Rural communities give Labour the push

  • Last night Labour was sent a clear message by the electorate of the UK as many rural people chose not to vote for Blair because of the clear lack of empathy his party has for rural concerns.

    And although Labour still does have a majority, it is massively reduced. From Bethnal Green to Monmouth voters made their dissatisfaction clear to Labour.

    The government will enter the next Parliament with considerably less carte blanche to do what Mr Blair pleases in the coming term. An overall swing of three percent to the Conservatives will give them more muscle in the House of Commons.

    Looking now at a political map of far flung rural areas like the south west and up north of the border, they are increasingly blue and yellow, with very little red at all. And this is because rural people were only too happy to let Labour know they are furious with their lack of understanding of rural affairs.

    The lack of concern for countryside constituencies which Labour and Mr Blair display had a clear impact on last night’s result, and both the Conservatives and the Liberal Democrats made gains because they listen to what these communities need. Rural people voted for those most able to support them.

    The Countryside Alliance this morning claimed Labour and Liberal Democrat scalps, saying that Labour in particular suffered because they were not listening to their constituents from the countryside.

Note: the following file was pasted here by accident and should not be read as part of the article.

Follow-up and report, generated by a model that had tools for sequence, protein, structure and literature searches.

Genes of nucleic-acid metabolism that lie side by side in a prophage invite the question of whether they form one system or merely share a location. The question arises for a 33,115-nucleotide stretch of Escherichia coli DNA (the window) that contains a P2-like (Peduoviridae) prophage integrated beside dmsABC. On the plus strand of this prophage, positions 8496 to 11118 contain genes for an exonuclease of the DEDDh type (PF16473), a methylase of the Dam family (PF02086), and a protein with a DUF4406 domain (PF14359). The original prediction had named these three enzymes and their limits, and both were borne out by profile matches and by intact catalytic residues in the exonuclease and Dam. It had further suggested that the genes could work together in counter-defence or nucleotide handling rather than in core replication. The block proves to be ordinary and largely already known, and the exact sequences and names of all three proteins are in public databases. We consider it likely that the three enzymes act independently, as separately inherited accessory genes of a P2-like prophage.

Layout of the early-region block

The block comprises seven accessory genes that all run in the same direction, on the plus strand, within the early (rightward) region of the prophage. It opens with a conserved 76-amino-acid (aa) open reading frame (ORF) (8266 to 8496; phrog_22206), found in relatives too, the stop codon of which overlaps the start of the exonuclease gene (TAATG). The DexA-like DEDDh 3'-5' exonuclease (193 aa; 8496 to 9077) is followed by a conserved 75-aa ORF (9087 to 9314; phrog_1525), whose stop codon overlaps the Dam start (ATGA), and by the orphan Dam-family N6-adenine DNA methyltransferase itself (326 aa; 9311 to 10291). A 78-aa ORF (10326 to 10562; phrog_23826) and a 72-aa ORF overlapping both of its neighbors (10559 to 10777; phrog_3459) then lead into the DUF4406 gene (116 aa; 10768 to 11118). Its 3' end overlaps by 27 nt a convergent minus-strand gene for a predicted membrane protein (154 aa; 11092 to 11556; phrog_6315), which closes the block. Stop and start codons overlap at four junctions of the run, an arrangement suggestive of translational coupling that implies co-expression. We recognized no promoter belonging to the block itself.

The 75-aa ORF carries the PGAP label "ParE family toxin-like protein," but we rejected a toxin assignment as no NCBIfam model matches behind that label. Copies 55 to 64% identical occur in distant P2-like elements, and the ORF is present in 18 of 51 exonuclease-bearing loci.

“Of course it is disappointing that a government that is so poorly regarded in the countryside still has a majority of MPs, some even claiming to represent rural areas. The truth is of course that they may have rural seats, but their vote is often distorted by large conurbations within them,” Simon Hart of the Alliance said today.

    “But the message to the government is clear: a combination of incompetence and malice on rural issues has driven people to campaign against Labour MPs and dissatisfaction in rural seats has been far more visible than elsewhere. The Prime Minster needs to address this in the post-election reshuffle.”

    The Vote-OK group has also claimed it unseated 29 anti-hunting MPs by putting in 170,000 man hours and delivering over three million leaflets to making sure anti-hunt MPs in marginal seats were not re-elected.

    Charles Mann, Vote-OK national campaign director, said: “With only six weeks preparation and no previous experience, thousands of hunt supporters have been organised to campaign on a substantial and hitherto unseen level in modern politics.

    “As a result they have shown that when enough people get involved in politics with a purpose and in an organised and focused way they can, and have, made a difference.”

    The scalps they are claiming include Stephen Twigg, until yesterday an Education Minister, and Peter Bradly, who made an enemy of the hunting community when he claimed hunting was really a class issue.

    Many rural communities will also look with interest to the fate of Defra, and those who were Ministers for that department in the last Parliament, but this will only become clear over the coming days and weeks.

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